3 ohms or less, you're golden. if the meter reads "open" or similar, you're buying a stator. If it reads significantly higher than 3 ohms, you're buying a stator (what's "significant"? 6 ohms or more).

Now check all 3, one at a time, against ground (The engine, frame, chassis, negative battery terminal, etc). It SHOULD read open. If it reads any resistance (Ohms), at all, go buy a stator.

OK. So we know the stator is not fubar'd, yet. Notice we're moving on, and we didn't ohm-check the regulator. That's because there is NO such test. Sorry. You can ohm-check it if you want, but it's not a valid test. I've measured several dozen, some new, some used, some old, some new, some bad, some good. The consistancy just isn't there.

Because the regulator also rectifies, it can fail in many different ways. Undercharging, no charging, failure to rectify, etc. I've seen regulators with the backs melted off, putting out ZERO volts, smoking from the input voltage, and not having a proper ground, and they've ohm'ed out the same as the brand new unit that fixed the problem.

Back to the stator. Bike OFF, switch multimeter to AC voltage. Now, this is the point where the bike can shock you, hurt you, kill you, insult your children, and knock up your wife. You're playing with AC, so no touchie on the wires, okay?

Hook up, start the bike, and measure the AC output between any two wires. Got voltage? Good. Does it increase in a relatively linear fashion with RPM? Good. Honestly, at this point, I don't remember the spec, so maybe someone will chime in with it (Assuming they've read this far). If you have a service manual, it's in there. Now check the other combinations of stator wires, like we did for the ohm-check. If you have smooth, linear AC power starting at the mid-teen range, and ending up at 35 Volts or so, and the output is similar for all three legs, the stator is OK.
It's the behavior more than the actual number at this point, but the number need to be reasonable enough to provide voltage for a 12 volt system.

So if the stator is outputting (and if it doesn't pass the ohm-check, it won't be), and the battery isn't charging 14.4-ish, go buy, and install a regulator, and retest at the battery, looking for 14.4 (DC, you did reset your meter to DC to test the battery, right?) volts. If that doesn't fix it, let me know.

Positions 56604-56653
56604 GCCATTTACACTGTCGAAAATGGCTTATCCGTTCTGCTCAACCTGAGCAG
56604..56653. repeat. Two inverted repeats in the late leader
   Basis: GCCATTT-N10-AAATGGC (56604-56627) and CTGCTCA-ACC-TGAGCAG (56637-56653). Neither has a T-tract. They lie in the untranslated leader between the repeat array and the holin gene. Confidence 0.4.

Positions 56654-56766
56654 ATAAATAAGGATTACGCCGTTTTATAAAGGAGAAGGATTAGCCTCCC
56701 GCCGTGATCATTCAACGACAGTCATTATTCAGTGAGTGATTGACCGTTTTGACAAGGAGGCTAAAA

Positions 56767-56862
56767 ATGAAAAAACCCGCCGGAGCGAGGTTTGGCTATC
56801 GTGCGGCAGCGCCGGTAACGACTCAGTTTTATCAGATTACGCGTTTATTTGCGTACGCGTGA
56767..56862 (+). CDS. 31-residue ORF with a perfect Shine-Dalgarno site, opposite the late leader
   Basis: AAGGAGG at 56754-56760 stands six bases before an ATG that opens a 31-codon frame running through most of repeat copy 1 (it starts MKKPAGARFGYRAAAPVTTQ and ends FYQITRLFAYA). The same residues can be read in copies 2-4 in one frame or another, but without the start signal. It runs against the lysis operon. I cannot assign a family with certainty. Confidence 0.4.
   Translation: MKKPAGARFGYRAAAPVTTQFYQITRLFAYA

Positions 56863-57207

Also don't forget to re-connect the stator to the regulator, before continuing on with other tests, or test rides. Don't ask how I know this.

This may seem overly complicated at first, but print it out, read it, it will make perfect sense.

One additional problem that is not mentioned above, is failure at connector #77, between the voltage regulator and the battery, or the wires that go from 77 to the battery. These often melt or break, so checking continuity from the connector to the battery, and checking the connector is also a good idea. I had a hidden broken wire in this area.

Here is another excellent post by "Rays" that describes checking the voltage regulator.

http://docs.google.com/View?revision=_latest&docid =d4rbxwr_20dq5khf&hl=en

Of course, having a shop manual and parts book doesn't do any harm either.""

Good Luck,


06-24-2010, 06:12 PM
I know it sounds simple, but I had a similar issue with my Wide Glide. THe positive cable was rubbing on the hold down causing a short. It was drawing the battery down and makinf the strap hot. Look real close at the cable and the strap to see if you can tell where they might be touching. Let us know what you find.

07-03-2010, 11:41 AM
Thanks for the help. Gives me a few things to check this week.

07-03-2010, 12:05 PM
The repair will be easier if you have enough lubrication. I prefer Coronas![smirk]

07-29-2010, 10:27 PM
So I finally got around to looking a bit closer at it. (I think I just needed to step away for awhile.)

I ran through the maintenance manual, and performed the stator test which includes a continuity test through the coil which came out with the proper .4 ohms of resistance, and a check to make sure the stator isn't grounded to the crankcase. Both checks were good which saved me from having to open the primary thank god. I checked the voltage regulator for proper ground (it was fine), performed the milliamp draw test (it was fine), but when I did the voltage regulator bleed test, it said to use a test light (which was broken), so I used my multimeter to check for voltage, and it showed about 3 volts. So I guess that test failed.

Anyhow, I decided to take a bit closer look at the voltage regulator wiring by cutting the plastic sheathing off the wires, and noticed slight cracking in the wire insulation near the regulator itself, and a well worn spot up a few inches. Well when I bent the wire backwards to see inside the insulation, all but maybe two of the wire strands were broken.


So I hauled ass down to my local Harley-Dickweeds stealership and bought me a new voltage regulator. (Apparently they don't have anything to cross reference parts, so it wasn't as simple as I made it sound.)

Hauled ass home, threw a new connector on the end, and all was good. Now I'm back to pissing off the neighbors when I start it up in the morning.

And more importantly, my girlfriend no longer rags on me to get "her" Buell fixed!

Hopefully this little bit of info can help somebody in the future...